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  • Did America Have a Christian Founding?

    Holy Bible

    Few historical questions generate as much controversy as this one—and do so on such a regular basis. Every few months or so, following some public pronouncement on America’s Christian roots or some court ruling pertaining to the First Amendment, the nation is subjected to a heated, but essentially sterile, debate on the Christian character of the American nation.

    On the one side are those who view any mention of God in the public square as a dangerous threat to religious liberty and a veiled move to transform America into a theocracy. To make their case for a radical separation of religion and politics, they trot out the tired trope that the Founders were all deists, invoke the “godless Constitution,” and rummage through the Founders’ voluminous writing to find some quote that seems to buttress their case. The perennial favorite seems to be Jefferson’s 1802 letter to the Danbury Baptist Association in which the President spoke of the “building of a wall separation between church and state.”

    On the other side are those who argue that America had a Christian Founding in the strict sense of the term and that it fundamentally is—and should remain—a Christian nation. The Founders (with an exception or two perhaps) were orthodox Christians who created a Christian nation for a Christian people so that Christianity could flourish. These proponents also pore through the Founders’ letters and speeches and count any reference of God as proof positive that the Founders were devout Christians. They don’t even mind quoting the occasional Supreme Court decision—so long, of course, as it affirms America’s Christian character.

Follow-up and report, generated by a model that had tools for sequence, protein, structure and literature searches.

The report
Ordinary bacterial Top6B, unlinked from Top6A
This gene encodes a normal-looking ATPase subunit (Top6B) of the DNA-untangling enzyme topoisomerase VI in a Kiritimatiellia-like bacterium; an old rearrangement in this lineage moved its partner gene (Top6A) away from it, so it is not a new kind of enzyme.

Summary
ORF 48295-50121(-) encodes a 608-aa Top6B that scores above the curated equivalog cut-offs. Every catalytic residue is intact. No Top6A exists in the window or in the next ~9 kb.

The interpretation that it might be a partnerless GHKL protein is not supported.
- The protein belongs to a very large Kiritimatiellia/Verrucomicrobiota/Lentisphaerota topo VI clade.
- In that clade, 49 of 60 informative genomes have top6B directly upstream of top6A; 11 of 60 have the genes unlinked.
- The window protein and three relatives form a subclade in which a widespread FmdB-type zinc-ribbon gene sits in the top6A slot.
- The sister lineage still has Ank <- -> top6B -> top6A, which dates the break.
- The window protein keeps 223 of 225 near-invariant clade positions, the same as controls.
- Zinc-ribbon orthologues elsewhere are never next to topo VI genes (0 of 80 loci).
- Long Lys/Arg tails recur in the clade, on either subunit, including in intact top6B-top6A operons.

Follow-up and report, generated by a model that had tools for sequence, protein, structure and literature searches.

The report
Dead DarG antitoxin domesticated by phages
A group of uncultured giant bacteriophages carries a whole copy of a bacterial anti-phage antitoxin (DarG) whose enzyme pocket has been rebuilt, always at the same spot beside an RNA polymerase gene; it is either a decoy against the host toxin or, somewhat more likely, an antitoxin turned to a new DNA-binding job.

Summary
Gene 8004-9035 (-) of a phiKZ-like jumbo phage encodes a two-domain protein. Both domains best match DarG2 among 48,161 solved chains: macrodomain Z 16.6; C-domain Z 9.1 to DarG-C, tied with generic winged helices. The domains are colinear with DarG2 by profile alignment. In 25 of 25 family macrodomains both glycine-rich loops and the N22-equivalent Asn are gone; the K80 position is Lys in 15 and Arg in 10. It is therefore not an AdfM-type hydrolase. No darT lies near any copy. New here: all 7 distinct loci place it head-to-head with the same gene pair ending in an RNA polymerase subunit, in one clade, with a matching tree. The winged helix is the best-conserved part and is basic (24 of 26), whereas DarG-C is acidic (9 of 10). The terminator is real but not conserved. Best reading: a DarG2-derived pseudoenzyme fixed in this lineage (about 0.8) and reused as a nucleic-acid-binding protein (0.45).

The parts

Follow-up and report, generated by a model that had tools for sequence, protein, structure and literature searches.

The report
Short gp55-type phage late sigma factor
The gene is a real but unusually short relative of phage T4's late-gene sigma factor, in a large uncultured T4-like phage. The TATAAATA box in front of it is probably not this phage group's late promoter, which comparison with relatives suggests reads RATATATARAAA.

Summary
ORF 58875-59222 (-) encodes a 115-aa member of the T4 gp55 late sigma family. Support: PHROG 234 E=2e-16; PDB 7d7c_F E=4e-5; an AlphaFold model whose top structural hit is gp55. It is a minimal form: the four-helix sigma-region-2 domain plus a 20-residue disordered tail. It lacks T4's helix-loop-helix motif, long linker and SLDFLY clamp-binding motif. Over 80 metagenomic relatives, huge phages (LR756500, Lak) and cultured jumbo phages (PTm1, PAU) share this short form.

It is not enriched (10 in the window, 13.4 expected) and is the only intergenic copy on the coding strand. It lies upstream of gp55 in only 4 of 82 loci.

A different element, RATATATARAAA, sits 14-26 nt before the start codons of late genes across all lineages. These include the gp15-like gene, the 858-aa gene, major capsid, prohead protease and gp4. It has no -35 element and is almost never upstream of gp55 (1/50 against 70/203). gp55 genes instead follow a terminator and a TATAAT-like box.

Soon, of course, the media moves on to the next controversy du jour and the debate quells, without advancing beyond the usual fault lines. The Founders’ nuanced position on the question is almost always ignored.

    So did America have a Christian Founding?

    In a new essay, Mark David Hall, a scholar of religion and the Founding, shows how the two most popular answers to the query—“Of course not!” and “Absolutely!”—distort the Founders’ views.

    Hall reminds fervent secularists that the Founders did not support a strict separation of church and state that requires political leaders to avoid religious language and public spaces to be stripped of religious symbols. And he cautions those who would succumb to an overly zealous Christian reading of the Founding by reminding them that the Founders did not create a theocracy and that they were, to a person, committed to protecting the religious liberties of all citizens, regardless of faith, so long as they “demean themselves as good citizens.”

    Hall does, however, recognize the influence that Christian ideas had on the Founders and identifies the three major areas of agreement with respect to religious liberty and church–state relations at the time of the Founding:

    1. Religious liberty is a right for all—Christian and non-Christian alike—and must be protected;
    2. The national government may not create an established church; and
    3. Religious references and appeals to God are appropriate in the public square.

    In short, while America did not have a Christian Founding in the sense of creating a theocracy, its Founding was deeply shaped by Christian moral truths. More importantly, it created a regime that was hospitable to Christians but also to practitioners of other religions.

    Posted in First Principles [slideshow_deploy]

    8 Responses to Did America Have a Christian Founding?

    1. Robert says: